TSP Talk – Where’s the relief?

Good Monday morning. It’s your weekly dose of TSP Talk.

It just seems to be getting worse and worse out there. After the worst year in over 70 years in 2008, some of the worst January and Februarys in history, March starts off with the worst first week it has ever had. Relentless. So when do we get a break?

Six or eight months ago, I would have been jumping into stocks based on the extreme readings of many of the indicators and the severity of the recent decline. But I have been hurt a few times since then trying to time a relief rally and while we will eventually see a rally, the severity of the bear market has been such that the rules have changed.

Is my bearishness an indication of an impending rally? Very possibly. But yes, it IS different this time. There are no real solutions being thrown around, and earnings are such an unknown in the coming quarters, that it is not even possible to know if today’s low prices are actually low enough.

The S&P 500 continues its relentless decline after support was broken quite easily last week. The break in support now sets up some serious resistance levels overhead; levels which some are hoping we at least test so they can sell at a higher price.

If you remember, I had said one way to play a potential double bottom was to buy at the support level, but sell if if breaks and can not get back above within a few days. That’s what happened last week and there are folks who are now stuck in stocks waiting for the bounce to sell into.

Chart provided courtesy of www.decisionpoint.com, analysis by TSP Talk

We talked last week how the AAII Investor Sentiment Survey hit 70% on the bearish percentage. That is the highest reading, perhaps since that survey started, I can’t be sure. But shouldn’t sentiment be at its most bearish ever, considering the market is performing about as bad as it ever has?

Those surveys tell us what people are saying about the market, but the put/call ratio is a sentiment indicator that tells us what people are actually doing with their money, and remarkably, the CBOE and Equity put/call ratios, also considered the “dumb money”, are still showing a bullish bias. Compare the CBOE readings of 1.25 and 1.14 during the October and November lows, to the current 0.91 reading today.

Chart provided courtesy of www.decisionpoint.com, analysis by TSP Talk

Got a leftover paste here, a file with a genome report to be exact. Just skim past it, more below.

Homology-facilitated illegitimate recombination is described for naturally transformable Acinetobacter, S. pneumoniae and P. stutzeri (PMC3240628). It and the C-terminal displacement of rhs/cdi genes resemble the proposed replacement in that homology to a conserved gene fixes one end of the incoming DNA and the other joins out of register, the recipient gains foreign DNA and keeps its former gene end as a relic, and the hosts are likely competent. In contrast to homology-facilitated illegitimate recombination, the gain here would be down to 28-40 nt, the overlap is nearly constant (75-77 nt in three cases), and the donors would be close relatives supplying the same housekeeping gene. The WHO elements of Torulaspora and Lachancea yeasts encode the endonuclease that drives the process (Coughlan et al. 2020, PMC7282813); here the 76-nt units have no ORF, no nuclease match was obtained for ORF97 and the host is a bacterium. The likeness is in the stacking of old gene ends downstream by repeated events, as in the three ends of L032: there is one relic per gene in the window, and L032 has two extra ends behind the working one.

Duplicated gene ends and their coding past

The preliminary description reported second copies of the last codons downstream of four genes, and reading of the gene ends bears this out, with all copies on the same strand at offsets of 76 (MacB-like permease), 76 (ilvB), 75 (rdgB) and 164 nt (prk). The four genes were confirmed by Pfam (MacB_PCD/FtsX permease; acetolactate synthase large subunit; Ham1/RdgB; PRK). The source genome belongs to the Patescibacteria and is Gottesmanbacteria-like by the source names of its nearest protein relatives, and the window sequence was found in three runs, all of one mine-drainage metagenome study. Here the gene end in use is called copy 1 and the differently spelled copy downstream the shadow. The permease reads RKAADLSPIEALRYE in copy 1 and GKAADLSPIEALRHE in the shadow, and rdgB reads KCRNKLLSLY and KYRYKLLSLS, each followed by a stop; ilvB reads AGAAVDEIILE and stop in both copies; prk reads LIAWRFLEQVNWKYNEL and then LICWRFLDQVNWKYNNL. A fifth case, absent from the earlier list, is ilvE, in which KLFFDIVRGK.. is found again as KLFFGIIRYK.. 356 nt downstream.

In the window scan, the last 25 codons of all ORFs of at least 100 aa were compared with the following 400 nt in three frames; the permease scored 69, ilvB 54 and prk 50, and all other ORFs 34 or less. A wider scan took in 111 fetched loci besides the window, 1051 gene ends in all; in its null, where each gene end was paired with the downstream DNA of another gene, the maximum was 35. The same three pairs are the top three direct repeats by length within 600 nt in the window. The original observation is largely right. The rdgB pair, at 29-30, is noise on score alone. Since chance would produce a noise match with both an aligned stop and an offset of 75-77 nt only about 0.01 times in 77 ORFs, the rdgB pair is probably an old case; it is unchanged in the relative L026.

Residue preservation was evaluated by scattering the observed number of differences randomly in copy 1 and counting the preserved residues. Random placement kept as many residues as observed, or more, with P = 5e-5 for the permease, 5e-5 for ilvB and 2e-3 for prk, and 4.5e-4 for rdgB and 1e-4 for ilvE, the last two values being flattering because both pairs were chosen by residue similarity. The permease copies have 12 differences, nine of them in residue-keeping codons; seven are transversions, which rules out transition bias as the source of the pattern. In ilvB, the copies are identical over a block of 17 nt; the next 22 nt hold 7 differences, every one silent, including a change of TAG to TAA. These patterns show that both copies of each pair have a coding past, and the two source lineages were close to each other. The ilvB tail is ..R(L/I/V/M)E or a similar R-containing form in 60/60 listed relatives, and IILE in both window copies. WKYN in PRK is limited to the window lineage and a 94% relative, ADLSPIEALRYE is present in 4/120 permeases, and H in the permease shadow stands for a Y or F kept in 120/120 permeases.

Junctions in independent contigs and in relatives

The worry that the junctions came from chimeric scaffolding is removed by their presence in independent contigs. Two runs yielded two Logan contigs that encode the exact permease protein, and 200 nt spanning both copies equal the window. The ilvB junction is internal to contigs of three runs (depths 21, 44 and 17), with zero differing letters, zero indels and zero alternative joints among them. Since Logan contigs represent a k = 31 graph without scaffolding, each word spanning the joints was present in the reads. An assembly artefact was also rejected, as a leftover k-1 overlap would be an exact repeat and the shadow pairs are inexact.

Unless there is something amiss with these ratios, these current readings are quite concerning. How can the average investor be acting complacently in this environment? I would be more willing to buy if these folks were panicking, but they are not.
Now that the major indices are below the 50% loss levels, a new group of bulls who thought the 50% retracement level would hold, are now getting nervous and may start to bail. How low can we go? That’s the problem, we don’t know and support is deteriorating.

How many more Bear Sterns, Lehman Brothers, AIG’s, Citigroups, GE’s, GM’s, etc., are out there? Some of them are gone, some are hanging by a thread. What happens if GM goes bankrupt, or GE financial leg takes them down? How will the market react? Is it priced in already?

We WILL get a bounce – that is for sure. But when and how long it will last is anyone’s guess. We could see one with a revision to Mark to Market accounting, or a change in the uptick rule. But these changes will be mere band-aids on a much larger wound.

Until this bear market is over, these rallies need to be sold as picking a bottom in this environment can be financial suicide. Just ask anyone who has tried in the last few months.

That’s all for today. Thanks for reading. These commentary are update daily on TSP Talk.

– Tom Crowley

Leave a Comment


Leave a Reply

L P O'Neil

Are there some smart folk who can start an Alt People’s fund (based on reality returns) for gov workers? Who is using our TSP cash as it sits?

Tom Crowley

Hi LP –

No one should be using our TSP cash (G-fund) although the government does borrow from it occassionally. (see http://www.federaltimes.com/index.php?S=1630702).

If I understand your first question, the TSP has been reluctant to start additional funds but I believe it really needs to reconsider this. There should be a fund that can appreciate while the economy is in trouble, such as gold / precious metals, otherwise we are sitting ducks. The G-fund does not pay enough to keep up with inflation, and while the F-fund can be a good hedge, it is not consistent enough to stabilize a portfolio.